Archive for May 2010

Dennis Hopper, RIP

May 30, 2010

This one is a real loss, as many more than I have said. What I loved best about Hopper’s work is what most people did, I think: the combination of deeply realized characters and the strain of pure crazy Hopper could maintain through even the most seemingly straight persona. He could seriously act.

The only momentary oddity I can add to the general remembrance is that I actually met Hopper once, in a truly weird concatenation of worlds. In 1988 (sic! we did in fact have television back then, folks) I was working as associate producer on a NOVA documentary about the then hot topic of chaos (as in the mathematical and physical concept, and not that which pertains in, say, Afghanistan right now).

I and my boss, the BBC Horizon producer Jeremy Toye (I hope I recall his name correctly after this span of years) were in LA to interview a mathematician who had been doing some work with a bunch of cardiologists on chaos in heart rhythms (I have no recollection if the idea worked out or not). Our guy was at UCLA, but he was much too cool to live in Westwood, so we met him at his apartment in the beach block of one of the roads that dead ends into Venice Beach. (Yes, I’m still covetous.) He lived opposite one of the canonical dives of the day — it might have been the Beach Cafe, and he was one of its regulars, and he paraded us across the street to take our meeting (we were in LA, after all), in his haunt.

As we walked in, around eleven in the morning, there were just a few folks in the place. One was at the very end of the bar, back to the door. Our guy, Alan, said something like “Hey, Dennis!” and started striding over to one of the other Venice regulars of the day, none other than Dennis Hopper. Alan entrained Jeremy and me in tow behind him, telling us he wanted us to meet his bud, and we dutifully followed. Hopper looked up, saw three men coming at him, backlit against the door, and coiled up. His face, just for a moment, had the full Hopper feral threat written across it, a kind of fight or flight statement written in the cast of his eyes and the tensing of his muscles.

Then he saw it was his cafe friend Alan, and two kind of dweeby PBS guys and he relaxed, said hello, shook hands, and turned back to his meal.

At the time, I just thought how extraordinary it was that Dennis Hopper in person could project that sudden and frankly terrifying shift of feeling so precisely similar to what came through on the screen. Over time, my reaction shifted. This was the moment that I first got a visceral feel of how f***ing hard it is to be someone on whom masses of strangers paint emotional connections. Hopper was just having a late breakfast in his usual spot, and he could not, it seemed, fully relax even there. Lots of good things come to the fortunate, the talented and the famous. But we do put a bite on those thus blessed.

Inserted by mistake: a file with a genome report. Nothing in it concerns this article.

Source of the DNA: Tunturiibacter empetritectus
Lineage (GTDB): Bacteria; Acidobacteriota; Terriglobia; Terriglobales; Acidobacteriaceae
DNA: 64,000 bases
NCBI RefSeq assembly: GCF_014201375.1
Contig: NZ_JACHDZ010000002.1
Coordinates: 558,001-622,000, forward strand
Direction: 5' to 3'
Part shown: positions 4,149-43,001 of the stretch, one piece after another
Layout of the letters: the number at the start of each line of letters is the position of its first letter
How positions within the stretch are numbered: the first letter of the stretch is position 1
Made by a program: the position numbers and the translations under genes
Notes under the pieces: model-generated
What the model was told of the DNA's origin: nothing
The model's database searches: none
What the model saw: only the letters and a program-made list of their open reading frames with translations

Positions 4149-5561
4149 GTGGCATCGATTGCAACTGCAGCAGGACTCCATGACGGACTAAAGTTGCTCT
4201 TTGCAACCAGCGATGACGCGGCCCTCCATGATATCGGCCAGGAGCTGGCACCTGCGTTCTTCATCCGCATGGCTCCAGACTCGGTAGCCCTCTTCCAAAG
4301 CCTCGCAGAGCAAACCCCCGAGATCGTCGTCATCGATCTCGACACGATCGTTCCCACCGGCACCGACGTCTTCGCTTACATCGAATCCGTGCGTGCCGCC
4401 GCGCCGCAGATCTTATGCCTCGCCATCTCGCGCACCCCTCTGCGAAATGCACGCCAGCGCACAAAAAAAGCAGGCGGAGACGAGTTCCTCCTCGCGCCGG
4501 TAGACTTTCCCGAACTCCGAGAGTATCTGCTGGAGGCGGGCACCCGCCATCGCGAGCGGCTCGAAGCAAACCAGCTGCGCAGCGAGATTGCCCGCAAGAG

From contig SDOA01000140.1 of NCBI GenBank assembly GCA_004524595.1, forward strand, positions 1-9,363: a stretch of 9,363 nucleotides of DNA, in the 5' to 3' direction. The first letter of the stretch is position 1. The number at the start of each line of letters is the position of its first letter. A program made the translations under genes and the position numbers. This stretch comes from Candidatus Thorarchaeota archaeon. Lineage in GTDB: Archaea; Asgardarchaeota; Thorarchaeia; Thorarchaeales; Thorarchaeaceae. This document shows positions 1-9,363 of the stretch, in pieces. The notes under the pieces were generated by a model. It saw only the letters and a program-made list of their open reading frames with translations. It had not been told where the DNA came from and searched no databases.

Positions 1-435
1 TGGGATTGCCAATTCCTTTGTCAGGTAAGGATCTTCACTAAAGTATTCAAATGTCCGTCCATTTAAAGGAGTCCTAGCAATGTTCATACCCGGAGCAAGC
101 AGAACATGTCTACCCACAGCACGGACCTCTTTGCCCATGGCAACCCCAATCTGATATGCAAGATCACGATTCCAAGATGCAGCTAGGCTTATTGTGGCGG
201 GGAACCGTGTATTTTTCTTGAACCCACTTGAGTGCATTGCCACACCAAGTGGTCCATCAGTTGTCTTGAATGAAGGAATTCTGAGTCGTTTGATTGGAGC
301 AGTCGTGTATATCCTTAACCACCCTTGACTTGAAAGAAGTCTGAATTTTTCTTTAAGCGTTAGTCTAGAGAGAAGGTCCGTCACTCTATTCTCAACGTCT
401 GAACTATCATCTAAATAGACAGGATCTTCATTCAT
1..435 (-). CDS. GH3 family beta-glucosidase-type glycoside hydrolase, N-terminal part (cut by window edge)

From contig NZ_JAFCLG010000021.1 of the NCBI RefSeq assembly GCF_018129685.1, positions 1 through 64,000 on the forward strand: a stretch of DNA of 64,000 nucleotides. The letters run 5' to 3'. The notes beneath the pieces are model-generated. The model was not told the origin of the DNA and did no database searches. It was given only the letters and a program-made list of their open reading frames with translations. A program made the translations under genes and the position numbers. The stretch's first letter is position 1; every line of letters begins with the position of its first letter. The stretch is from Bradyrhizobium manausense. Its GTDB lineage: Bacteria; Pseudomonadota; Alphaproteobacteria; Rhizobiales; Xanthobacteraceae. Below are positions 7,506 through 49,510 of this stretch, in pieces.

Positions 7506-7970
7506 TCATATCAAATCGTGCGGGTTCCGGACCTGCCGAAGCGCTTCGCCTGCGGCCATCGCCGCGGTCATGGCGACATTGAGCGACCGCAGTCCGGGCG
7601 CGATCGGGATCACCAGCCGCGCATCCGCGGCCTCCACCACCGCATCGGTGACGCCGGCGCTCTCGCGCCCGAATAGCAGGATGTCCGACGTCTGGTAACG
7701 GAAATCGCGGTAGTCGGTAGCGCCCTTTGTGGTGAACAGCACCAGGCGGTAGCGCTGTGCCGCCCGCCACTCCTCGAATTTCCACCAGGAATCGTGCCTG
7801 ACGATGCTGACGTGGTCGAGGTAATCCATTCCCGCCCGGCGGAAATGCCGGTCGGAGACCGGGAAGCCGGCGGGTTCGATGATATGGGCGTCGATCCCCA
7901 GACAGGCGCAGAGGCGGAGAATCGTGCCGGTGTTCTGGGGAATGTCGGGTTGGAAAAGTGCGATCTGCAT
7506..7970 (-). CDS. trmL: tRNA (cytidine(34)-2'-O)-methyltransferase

All that aside: I’ll miss what he could put on screen.

Not Dead Yet….Just Resting/Beautiful Plumage Edition

May 23, 2010

Blogging is conspicuous by its absence.  I plead end-of-term disasters, combined with the long dark tea-time of the soul.

Been feeling grim lately, and lacking the oomph to blog, I channel my inner Ishmael:

… I find myself growing grim about the mouth;
whenever it is a damp, drizzly November in my soul; whenever I
find myself involuntarily pausing before coffin warehouses,
and bringing up the rear of every funeral I meet;
and especially whenever my hypos get such an upper hand of me,
that it requires a strong moral principle to prevent me from
deliberately stepping into the street, and methodically knocking
people’s hats off–then, I account it high time to get to sea
as soon as I can.

But I do see some possibility of returning to civil conversation, probably after my next two talks, both in the LA area tonight (LA County Library downtown) and tomorrow (the OC — at the National Academy facility at UC Irvine), so please consider this a hiatus rather than a quietus.

And in the meantime, for your viewing pleasure, those clips that inspire this title.

and

And Why Should the Brits Have All The Fun? Weird Election Video/Return of the Demon Sheep edition

May 6, 2010

From the California Democrats comes a reprise of what I must admit is a true surrealist classic, Carly Fiorina’s Demon Sheep spot.

This one is derivative of course, and nowhere near as powerful vision of the Bizarro World that California Republicans seem to occupy, but it still made me smile:

The Glamour of Politics, UK Style (Fish in a Condom edition.

May 6, 2010

A glimpse of what it’s really like to run for office — or cover it, as they do it across the pond.

From the Guardian comes this video of Cartoonist Steve Bell mano a mano — or flipper a flipper — with Tory leader David Cameron.

Don’t know if this tickles your funny bone, but it did mine.

Go to the jump for the video…

(more…)

Lies, Damned Lies, Statistics: Andrew Sullivan, Brit Election edition

May 6, 2010

Update:  The original of this post mischaracterized the Treasury figures for government spending as a percentage of GDP; I repeatedly referred to them as the percentage of GDP due to the deficit year over year.  It’s been corrected below, and thus, in fact, tracks the figures Sullivan was citing.  The argument remains the same, though in a post piously demanding attention to what numbers tell you, I can’t say I’m not embarassed.  Do not blog after too effusive a dinner party the night before; that’s my motto.

Thanks to friend-of-the-blog Lovable Liberal for the catch.